In this medical health video meet NARSAD, working in alliance with Ivanhoe to educate consumers about mental illness. View clips from the NARSAD Annual Symposium and Gala, featuring interviews with leading psychiatrists, and an appearance by Larry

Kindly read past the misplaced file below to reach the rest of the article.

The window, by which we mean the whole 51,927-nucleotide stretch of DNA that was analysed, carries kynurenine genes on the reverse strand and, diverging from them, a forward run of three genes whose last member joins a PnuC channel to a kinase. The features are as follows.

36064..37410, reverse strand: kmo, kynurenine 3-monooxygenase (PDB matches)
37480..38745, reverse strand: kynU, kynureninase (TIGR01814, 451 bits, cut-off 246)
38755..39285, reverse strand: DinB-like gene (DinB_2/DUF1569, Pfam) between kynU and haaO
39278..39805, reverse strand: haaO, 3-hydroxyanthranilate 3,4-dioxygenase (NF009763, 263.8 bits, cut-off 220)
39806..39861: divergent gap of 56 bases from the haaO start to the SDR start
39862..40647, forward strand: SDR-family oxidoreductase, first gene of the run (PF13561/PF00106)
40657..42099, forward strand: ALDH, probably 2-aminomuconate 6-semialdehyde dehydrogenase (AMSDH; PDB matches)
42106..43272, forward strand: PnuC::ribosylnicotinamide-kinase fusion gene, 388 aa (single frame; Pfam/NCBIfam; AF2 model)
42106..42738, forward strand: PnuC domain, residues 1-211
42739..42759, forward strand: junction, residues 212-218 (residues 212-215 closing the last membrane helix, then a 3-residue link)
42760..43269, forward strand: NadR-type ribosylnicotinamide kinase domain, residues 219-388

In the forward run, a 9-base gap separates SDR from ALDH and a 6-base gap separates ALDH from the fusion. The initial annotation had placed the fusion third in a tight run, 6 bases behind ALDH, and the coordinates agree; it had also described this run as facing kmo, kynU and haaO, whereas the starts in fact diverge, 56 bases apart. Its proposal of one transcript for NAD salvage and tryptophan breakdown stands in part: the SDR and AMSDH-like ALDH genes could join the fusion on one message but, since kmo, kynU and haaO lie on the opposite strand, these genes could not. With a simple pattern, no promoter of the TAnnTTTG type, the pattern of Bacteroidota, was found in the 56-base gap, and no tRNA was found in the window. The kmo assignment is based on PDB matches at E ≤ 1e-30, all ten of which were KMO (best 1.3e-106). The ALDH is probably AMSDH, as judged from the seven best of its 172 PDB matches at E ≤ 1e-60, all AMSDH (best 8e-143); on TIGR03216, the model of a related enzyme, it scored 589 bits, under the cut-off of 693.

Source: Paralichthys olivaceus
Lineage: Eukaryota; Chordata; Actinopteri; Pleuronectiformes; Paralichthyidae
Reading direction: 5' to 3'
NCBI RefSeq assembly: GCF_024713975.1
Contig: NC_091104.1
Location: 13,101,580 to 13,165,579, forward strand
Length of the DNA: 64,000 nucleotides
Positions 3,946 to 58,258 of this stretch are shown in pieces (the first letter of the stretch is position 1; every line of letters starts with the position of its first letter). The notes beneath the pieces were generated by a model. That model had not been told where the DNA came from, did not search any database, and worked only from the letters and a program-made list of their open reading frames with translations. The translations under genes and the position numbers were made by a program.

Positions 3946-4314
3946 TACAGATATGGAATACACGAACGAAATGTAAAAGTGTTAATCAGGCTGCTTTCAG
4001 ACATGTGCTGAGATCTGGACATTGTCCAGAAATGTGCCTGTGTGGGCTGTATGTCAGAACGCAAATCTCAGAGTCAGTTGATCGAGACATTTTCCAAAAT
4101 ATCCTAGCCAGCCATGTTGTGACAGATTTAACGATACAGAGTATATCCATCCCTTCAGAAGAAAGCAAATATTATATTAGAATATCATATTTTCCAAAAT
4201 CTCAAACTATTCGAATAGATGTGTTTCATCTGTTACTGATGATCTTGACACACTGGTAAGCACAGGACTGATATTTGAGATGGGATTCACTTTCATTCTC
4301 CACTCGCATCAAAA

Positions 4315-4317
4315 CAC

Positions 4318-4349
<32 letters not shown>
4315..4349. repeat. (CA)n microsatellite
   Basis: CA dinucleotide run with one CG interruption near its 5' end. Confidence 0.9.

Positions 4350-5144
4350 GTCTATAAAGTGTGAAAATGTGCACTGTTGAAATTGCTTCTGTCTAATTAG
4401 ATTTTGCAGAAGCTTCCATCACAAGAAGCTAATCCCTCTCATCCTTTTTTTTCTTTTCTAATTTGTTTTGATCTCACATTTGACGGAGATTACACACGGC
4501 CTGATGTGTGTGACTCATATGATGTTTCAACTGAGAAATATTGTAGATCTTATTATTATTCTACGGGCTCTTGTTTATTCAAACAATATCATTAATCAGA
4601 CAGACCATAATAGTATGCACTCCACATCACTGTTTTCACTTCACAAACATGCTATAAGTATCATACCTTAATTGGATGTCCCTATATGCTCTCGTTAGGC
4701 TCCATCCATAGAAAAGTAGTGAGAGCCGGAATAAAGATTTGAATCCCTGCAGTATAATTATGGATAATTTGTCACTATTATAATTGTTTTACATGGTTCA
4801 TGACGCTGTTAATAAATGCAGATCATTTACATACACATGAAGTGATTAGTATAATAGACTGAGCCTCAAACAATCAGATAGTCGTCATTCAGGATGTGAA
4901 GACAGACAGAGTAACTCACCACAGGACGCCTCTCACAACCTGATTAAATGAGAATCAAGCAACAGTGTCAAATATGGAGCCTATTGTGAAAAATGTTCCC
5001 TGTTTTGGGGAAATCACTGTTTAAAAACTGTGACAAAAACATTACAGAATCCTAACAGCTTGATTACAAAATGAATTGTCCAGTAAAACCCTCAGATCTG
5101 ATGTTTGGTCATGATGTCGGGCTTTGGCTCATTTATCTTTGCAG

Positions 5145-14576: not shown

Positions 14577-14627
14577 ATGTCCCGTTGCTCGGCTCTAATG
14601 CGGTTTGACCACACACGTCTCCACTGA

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Female Speaker: The National Institute of Mental Health estimates one in four Americans over the age of 18 suffer from some type of mental health disorder and children are not far behind. An estimated one in five has some type of brain or behavioral disorder. At NARSAD our mission is to focus attention on these often overlooked conditions and to increase funding for breakthrough research on their causes, treatment and prevention. Recently NARSAD gathered a panel of several of the nation's leading experts in mental health for symposium on childhood and adolescent mental health. More than 300 people turned out for the advent in Palm Beach, Florida to hear about some of the latest research on autism, childhood depression, pediatric anxiety and eating disorders. Speaking on these topics were Dr. Fred R Volkmar, Head of the Child Study Center at Yale University, Dr. Maria Kovacs of the University of Pittsburgh, Dr. Daniel Pine of National institute of Mental Health and Dr. B Timothy Walsh of Columbia University. Dr. Thomas Insel: We often don't recognize the tremendous public health burden that results from mental illness in general, whether we're taking about schizophrenia, bipolar illness, depression, autism, the whole range of disorders that the World Health Organization now sees as their number one source of medical disability between the ages of 15 and 44 for Americans. It's really quite striking. It means that it's a greater source of public health disability of burden of disease, as the World Health Organization calls it, then diabetes, cancer, heart disease, stroke, many of the major killers. Dr. Fred R Volkmar: More and more children with autism are doing very well, they are living independently and self-sufficiently and that's really been a remarkable phenomenon over the last 20 years. Dr. Maria Kovacs: Over the last 10-15 years, I think we had an understand that emotions can be regulated by the person, that you can change the intensity of your emotions and how long, how you feel certain emotions. Dr. Tim Walsh: The latest treatments for eating disorders really have to be divided between anorexia nervosa and bulimia, because it turns out interestingly that the two aren't quite the same in terms of what they respond to. Dr. Daniel Pine: The childhood anxiety problems are very good predictors of a range of adult problems with psychopathology and the two most common associations are with anxiety disorders in adulthood and different kinds of mood disorders in adulthood. And among the kinds of mood disorders, the strongest association is with major depression. Female Speaker: This symposium was part of a weekend of special activities that included NARSAD's Annual Palm Beach Fund Raising Gala. Where Mike Wallace, was on hand to honor his friend and CNN personality Larry King for his contribution to increasing public awareness about depression and bipolar disorder. Larry King: Well I knew something was a matter, and it was mostly -- the heart attack was the beginning of it, but then I had heart surgery and that's when it was, it was really bad for like 6-8 months, most people have depression for a lot longer than that, I was lucky. Female Speaker: The weekend was a success but it would not have been possible without the support of NARSAD's donors and volunteers. Since 1987, through the generosity of thousands of donors, NARSAD has given over $200 millions in grants to support innovative research on mental illnesses. Events like this symposium will help increase public support of research for years to come.

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